Getting Focused

Since coming back from the amazing ISTE conference in Philly, ideas have been flying around in my brain!  Blog writing always helps me bring some focus to that tornado of ideas, so here is my "rough draft" of what I'd like to focus my energies on this coming year with my 5th graders.  These changes also stem from the reading I've been doing lately on brain research, specifically Brain Rules by Dr. John Medina (who gave an awesome keynote at ISTE).  So here goes:

  • Structure my reading program using Reader's Workshop, specifically following Laura Candler's new step-by-step manual which I have been following through its development as a member of  her Yahoo membership group!  Very excited about this because the mini-lessons fit nicely with what brain researchers suggest about providing new learning concepts in short, repetitive bursts.  There are so many wonderful web 2.0 tools that I'll be able to incorporate in the small group rotations (we call them Reefs in our classroom) to go along with the mini-lessons!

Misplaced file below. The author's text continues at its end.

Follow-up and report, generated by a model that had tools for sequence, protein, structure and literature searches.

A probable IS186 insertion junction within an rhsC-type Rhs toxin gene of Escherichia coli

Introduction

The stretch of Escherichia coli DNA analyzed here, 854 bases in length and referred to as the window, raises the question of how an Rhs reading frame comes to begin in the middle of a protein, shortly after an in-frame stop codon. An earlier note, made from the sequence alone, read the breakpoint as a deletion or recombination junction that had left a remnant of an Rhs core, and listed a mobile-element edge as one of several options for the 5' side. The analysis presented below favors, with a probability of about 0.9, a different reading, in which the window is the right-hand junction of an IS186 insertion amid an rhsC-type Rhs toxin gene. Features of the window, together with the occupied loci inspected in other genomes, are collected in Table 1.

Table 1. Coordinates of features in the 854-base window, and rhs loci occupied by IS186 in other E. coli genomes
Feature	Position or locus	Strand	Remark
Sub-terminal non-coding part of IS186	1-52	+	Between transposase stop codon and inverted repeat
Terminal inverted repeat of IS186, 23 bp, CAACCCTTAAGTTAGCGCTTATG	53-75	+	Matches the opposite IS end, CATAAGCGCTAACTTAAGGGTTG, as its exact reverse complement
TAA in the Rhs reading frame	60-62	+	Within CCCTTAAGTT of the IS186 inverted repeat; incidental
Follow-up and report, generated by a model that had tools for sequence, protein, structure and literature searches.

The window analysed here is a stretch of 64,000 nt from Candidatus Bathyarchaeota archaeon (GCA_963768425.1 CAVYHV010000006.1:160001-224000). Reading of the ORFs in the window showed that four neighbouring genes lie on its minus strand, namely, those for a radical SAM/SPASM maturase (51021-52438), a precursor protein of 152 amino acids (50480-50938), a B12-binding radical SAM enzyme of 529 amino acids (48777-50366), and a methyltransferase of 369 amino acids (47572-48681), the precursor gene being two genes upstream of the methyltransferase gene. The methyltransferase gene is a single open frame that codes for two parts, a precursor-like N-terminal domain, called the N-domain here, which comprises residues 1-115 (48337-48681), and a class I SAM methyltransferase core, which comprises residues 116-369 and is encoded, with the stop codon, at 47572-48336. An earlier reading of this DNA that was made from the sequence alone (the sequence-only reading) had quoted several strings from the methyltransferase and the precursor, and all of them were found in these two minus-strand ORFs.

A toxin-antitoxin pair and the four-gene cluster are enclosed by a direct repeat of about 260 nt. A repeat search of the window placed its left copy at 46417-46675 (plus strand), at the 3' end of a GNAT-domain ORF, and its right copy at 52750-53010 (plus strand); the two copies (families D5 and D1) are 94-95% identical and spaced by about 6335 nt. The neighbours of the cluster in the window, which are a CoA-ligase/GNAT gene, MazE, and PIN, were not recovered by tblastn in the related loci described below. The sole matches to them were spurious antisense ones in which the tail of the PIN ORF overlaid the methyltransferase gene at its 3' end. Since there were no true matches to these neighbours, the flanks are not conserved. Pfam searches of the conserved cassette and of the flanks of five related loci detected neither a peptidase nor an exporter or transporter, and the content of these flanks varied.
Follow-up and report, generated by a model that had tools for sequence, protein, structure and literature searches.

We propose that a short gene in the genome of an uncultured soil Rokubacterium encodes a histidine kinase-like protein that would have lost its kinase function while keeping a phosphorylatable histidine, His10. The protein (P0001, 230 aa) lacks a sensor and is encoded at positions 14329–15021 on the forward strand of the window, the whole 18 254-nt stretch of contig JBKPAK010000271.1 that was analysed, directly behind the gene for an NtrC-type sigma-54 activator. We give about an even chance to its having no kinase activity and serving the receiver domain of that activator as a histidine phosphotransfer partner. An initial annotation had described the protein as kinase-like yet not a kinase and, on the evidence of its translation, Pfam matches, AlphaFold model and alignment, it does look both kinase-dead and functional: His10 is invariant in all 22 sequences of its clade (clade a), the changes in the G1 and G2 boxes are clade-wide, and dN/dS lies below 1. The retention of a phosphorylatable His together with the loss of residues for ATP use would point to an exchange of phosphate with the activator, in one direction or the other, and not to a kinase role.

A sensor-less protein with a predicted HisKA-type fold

• Structure my math program using the "Flipping the Classroom" concept.  I am excited about the idea of my students watching the math instruction during their homework time, and then having the entire class time to work with their small groups on relevant hands-on activities and practice of the concept.  I plan to include some collaborative discussion using Edmodo to go along with the videos each night.  I think that will provide even greater motivation for the kids to watch the short lesson, knowing they will be involved in some pre-class discussions about the math topic prior to getting back together in the classroom.  This strategy also seems to be supported by the brain tips suggested by Dr. Medina.  He says that students who relate their new information to others (rehearsal) as soon as possible after first exposure take the first steps in moving that information toward successful long term retention.  The sleep that follows, usually shortly after homework for many of my kids, may also help to get those neurons forging the correct pathways.  And then when we get to spend the entire math block "playing" with that new math information?  I'm hoping it will be very beneficial to the kids!